In order to establish a hostile workplace claim under Washington Law Against Discrimination (WLAD), a plaintiff must show: (1) unwelcome harassment; (2) that is attributable to plaintiff's membership in a protected class; (3) that affected the terms and conditions of plaintiff's employment; (4) that is imputable to his employer. Davis v. State, Washington State Patrol, 2014 WL 5144762, at *9 (Wash.Ct.App. Oct. 13, 2014) (citing Loeffelholz v. Univ. of Wash., 285 P.3d 854, 859 (Wash. 2012)). Similarly, under Title VII, a plaintiff is required to establish that: "(1) [he] was subjected to verbal or physical conduct because of [his] race, (2) the conduct was unwelcome, and (3) the conduct was sufficiently severe or pervasive to alter the conditions of [his] employment and create an abusive work environment." Johnson v. Riverside Healthcare Sys., 534 F.3d 1116, 1122 (9th Cir. 2008) (citing Manatt v. Bank of Am., NA, 339 F.3d 792, 798 (9th Cir. 2003)). In addition, under Title VII, the employer's liability for the employee's harassment can attach based on negligence[2] or vicarious liability. The employer is vicariously liable for the employee's harassment if the harassing employee is a supervisor "with immediate (or successively higher) authority over the employee." Burlington Indus. v. Ellerth, 524 U.S. 742, 764-65 (1998).

Both Title VII and WLAD require that the conduct of unwelcome harassment be "sufficiently pervasive so as to alter the conditions of employment and create an abusive working environment." Glasgow v. Georgia-Pacific, Corp., 693 P.2d 708, 712 (Wash. 1985). Courts determine whether "an environment is sufficiently hostile or abusive by looking at all the circumstance, including frequency of the discriminatory conduct; its severity; whether it is physically threatening or humiliating, or a mere offensive utterance; and whether it unreasonably interferes with an employee's work performance." Faragher v. City of Boca Raton, 524 U.S. 775, 787-88 (1998); Glasgow v. Georgia-Pacific, Corp., 693 P.2d 708, 712 (Wash. 1985). "Simple teasing, ' offhand comments, and isolated incidents (unless extremely serious) will not amount to discriminatory changes in the terms and conditions of employment.'" Dominguez-Curry v. Nevada Transp. Dep't, 424 F.3d 1027, 1034 (9th Cir. 2005).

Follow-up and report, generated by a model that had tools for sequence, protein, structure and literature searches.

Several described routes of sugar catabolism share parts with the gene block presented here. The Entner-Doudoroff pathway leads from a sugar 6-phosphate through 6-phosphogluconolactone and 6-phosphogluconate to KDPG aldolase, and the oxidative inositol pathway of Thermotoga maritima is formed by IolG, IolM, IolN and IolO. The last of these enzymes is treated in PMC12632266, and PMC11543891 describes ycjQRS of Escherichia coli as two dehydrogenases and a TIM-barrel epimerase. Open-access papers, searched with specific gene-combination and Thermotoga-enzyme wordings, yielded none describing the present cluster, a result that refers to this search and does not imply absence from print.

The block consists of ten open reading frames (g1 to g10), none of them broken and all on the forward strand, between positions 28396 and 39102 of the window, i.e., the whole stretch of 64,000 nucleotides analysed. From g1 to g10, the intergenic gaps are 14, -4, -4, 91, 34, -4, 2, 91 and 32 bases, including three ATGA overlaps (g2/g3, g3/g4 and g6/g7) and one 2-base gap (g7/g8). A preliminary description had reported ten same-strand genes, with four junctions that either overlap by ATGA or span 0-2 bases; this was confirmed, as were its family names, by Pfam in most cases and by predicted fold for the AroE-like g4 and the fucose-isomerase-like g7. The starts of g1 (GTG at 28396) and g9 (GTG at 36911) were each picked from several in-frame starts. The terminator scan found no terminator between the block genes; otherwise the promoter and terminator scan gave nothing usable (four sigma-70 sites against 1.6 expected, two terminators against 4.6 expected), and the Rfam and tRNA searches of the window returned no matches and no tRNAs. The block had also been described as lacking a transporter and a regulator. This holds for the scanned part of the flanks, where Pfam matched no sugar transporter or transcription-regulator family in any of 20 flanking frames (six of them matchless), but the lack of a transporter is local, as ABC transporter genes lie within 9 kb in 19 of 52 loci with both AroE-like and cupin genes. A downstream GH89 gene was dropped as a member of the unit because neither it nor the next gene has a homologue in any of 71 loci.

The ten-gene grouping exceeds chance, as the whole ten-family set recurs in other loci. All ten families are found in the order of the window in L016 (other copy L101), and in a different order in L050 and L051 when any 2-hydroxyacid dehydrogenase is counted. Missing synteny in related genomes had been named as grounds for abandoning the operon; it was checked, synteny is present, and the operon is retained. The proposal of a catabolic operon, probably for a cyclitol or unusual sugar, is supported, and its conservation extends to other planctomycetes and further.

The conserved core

A. Is the Alleged Conduct Sufficient to Find A Hostile or Abusive Work Environment?

Safeway asserts the alleged conduct was not sufficiently severe or pervasive because the alleged statements were isolated and "one-off." (Doc. No. 26 at 14). According to Safeway, Gillum does not have a hostile workplace claim because he alleges only that he was called a "nigger" or "boy" on one or two occasions. ( Id. ). Gillum counters that the comments were frequent, not isolated. Gillum cites to evidence in the record demonstrating that his managers used words such as "nigger, " "niggerville, " and "boy" on several occasions at the workplace. (Gillum Decl. ¶¶9-10). Gillum further contends that Brown told him that "all Blacks are lazy, " bad customers, and "always on welfare." ( Id. at ¶10). According to Gillum, Brown said that an African American person's hands turn meat purple. ( Id. ). Gillum also asserts that Clint Miller, a meat market manager, called him a "black piece of shit" and threatened him with a knife. (Doc. No. 33, Ex. B, Gillum Dep. 156:20-158:5). Gillum also alleges that he received phone calls from Brown and Miller calling him "snitching nigger, " and "dead nigger, we are going to get you... I am going to fuck you up." (Gillum Decl. ¶¶27, 29).[3]

Assuming the facts to be as Gillum states them, Gillum has demonstrated that the alleged conduct was sufficiently severe or pervasive to alter the conditions of the Gillum's employment and create an abusive work environment. Thus, the summary judgment as to this element of the hostile work environment place is improper at this time

B. Could Brown's Conduct Be Attributable to Safeway?

Both WLAD and Title VII require that the employee's conduct of harassment be imputed to the employer in order to make employer liable for its employee's conduct.